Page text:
Note: This is the final installment of a series entitled, “The Top Five Mistakes Students Make When Applying to College”. To get your free copy of the full report click here.
One of the least appreciated components of the college application is the recommendation from a teacher or counselor, and much of that is due to students not understanding the purpose and power of the recommendation letter. Instead they may view the recommendation as an inconvenience and unfortunately treat it accordingly, whether by rushing the recommender, by poorly inviting the teacher or counselor to write a letter, or by altogether avoiding applications with recommendations.
The student’s underestimation of the recommendation letter actually makes sense if you consider how different asking for a recommendation is from the normal transactions between a student and adult. The dynamic has shifted from the teacher assigning the work to now the student requesting the teacher to produce work. Further, once the student asks for the recommendation, the process is out of his or her hands and shifts to the teacher’s communication with the school. Because of the discomfort (or incompetence) that many students feel in asking for a teacher or counselor recommendation, many will undermine what could be one of the strongest parts of their application.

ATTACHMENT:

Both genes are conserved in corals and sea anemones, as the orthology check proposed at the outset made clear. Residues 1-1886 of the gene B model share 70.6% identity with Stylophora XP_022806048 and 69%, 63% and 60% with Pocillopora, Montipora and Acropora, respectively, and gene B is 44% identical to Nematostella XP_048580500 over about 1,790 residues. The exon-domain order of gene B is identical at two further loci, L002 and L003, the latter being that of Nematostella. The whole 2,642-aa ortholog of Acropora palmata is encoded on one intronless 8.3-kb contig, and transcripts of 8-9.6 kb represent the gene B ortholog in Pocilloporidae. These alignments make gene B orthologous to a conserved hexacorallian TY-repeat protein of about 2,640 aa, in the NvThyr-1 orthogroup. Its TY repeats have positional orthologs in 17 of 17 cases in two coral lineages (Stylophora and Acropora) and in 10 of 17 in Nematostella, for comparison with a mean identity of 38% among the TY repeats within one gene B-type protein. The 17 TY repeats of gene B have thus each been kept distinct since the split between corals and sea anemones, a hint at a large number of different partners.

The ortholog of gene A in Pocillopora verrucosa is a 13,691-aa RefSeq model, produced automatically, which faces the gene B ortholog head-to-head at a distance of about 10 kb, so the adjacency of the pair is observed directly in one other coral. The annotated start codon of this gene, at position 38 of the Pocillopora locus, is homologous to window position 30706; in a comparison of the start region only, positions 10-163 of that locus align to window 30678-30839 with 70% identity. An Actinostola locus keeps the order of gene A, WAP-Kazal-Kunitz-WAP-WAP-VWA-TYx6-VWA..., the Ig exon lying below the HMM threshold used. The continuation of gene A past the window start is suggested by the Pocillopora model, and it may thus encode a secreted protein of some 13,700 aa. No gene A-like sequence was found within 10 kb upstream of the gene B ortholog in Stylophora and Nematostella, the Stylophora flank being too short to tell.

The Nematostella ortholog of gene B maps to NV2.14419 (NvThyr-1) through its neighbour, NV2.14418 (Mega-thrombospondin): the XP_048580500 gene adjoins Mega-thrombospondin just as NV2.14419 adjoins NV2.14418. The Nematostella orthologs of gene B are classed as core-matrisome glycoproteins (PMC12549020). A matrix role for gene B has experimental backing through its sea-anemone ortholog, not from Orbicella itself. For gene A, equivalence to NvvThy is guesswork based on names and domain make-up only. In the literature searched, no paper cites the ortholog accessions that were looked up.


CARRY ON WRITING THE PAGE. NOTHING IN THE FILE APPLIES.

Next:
Students error when they fail to plan ahead or to consider the schedule of the teacher or counselor when making the request Too often the request is made with little time left until a deadline, forcing the recommender into a tight spot when having to support the application of someone going to college. Consider the recommendation that is written over a period time and reviewed before sendoff to that of the letter thrown together the day before it’s due.
Just as harmful to the quality of the teacher or counselor recommendation is a poorly presented request. A surprising number of students negatively affect their chances of getting a great recommendation – one that the teacher would have be delighted to write – by haphazardly presenting the request to the adult. Some students affect a sense of entitlement and neglect manners and etiquette because the adult (typically the counselor) is required to write one as part of their job. Others are either shy about the interaction a request demands or don’t to impose on the recommender, in both cases missing out on an opportunity to receive a glowing letter on the student’s behalf.
Lastly, a big mistake that some students make is shying away from applications that require a teacher recommendation in order to lessen the amount of work required to apply. In effect, the student is opting to reduce themselves to a series of data instead of doing the work to present the fullest picture of who they are as a person and what sort of student they will be on campus.
In sum, students don’t realize the impact a good recommendation has on their applications and that they truly can affect the quality of the recommendation by how they present the request!
Click here to read the full report: “The Top Five Mistakes Students Make When Applying to College”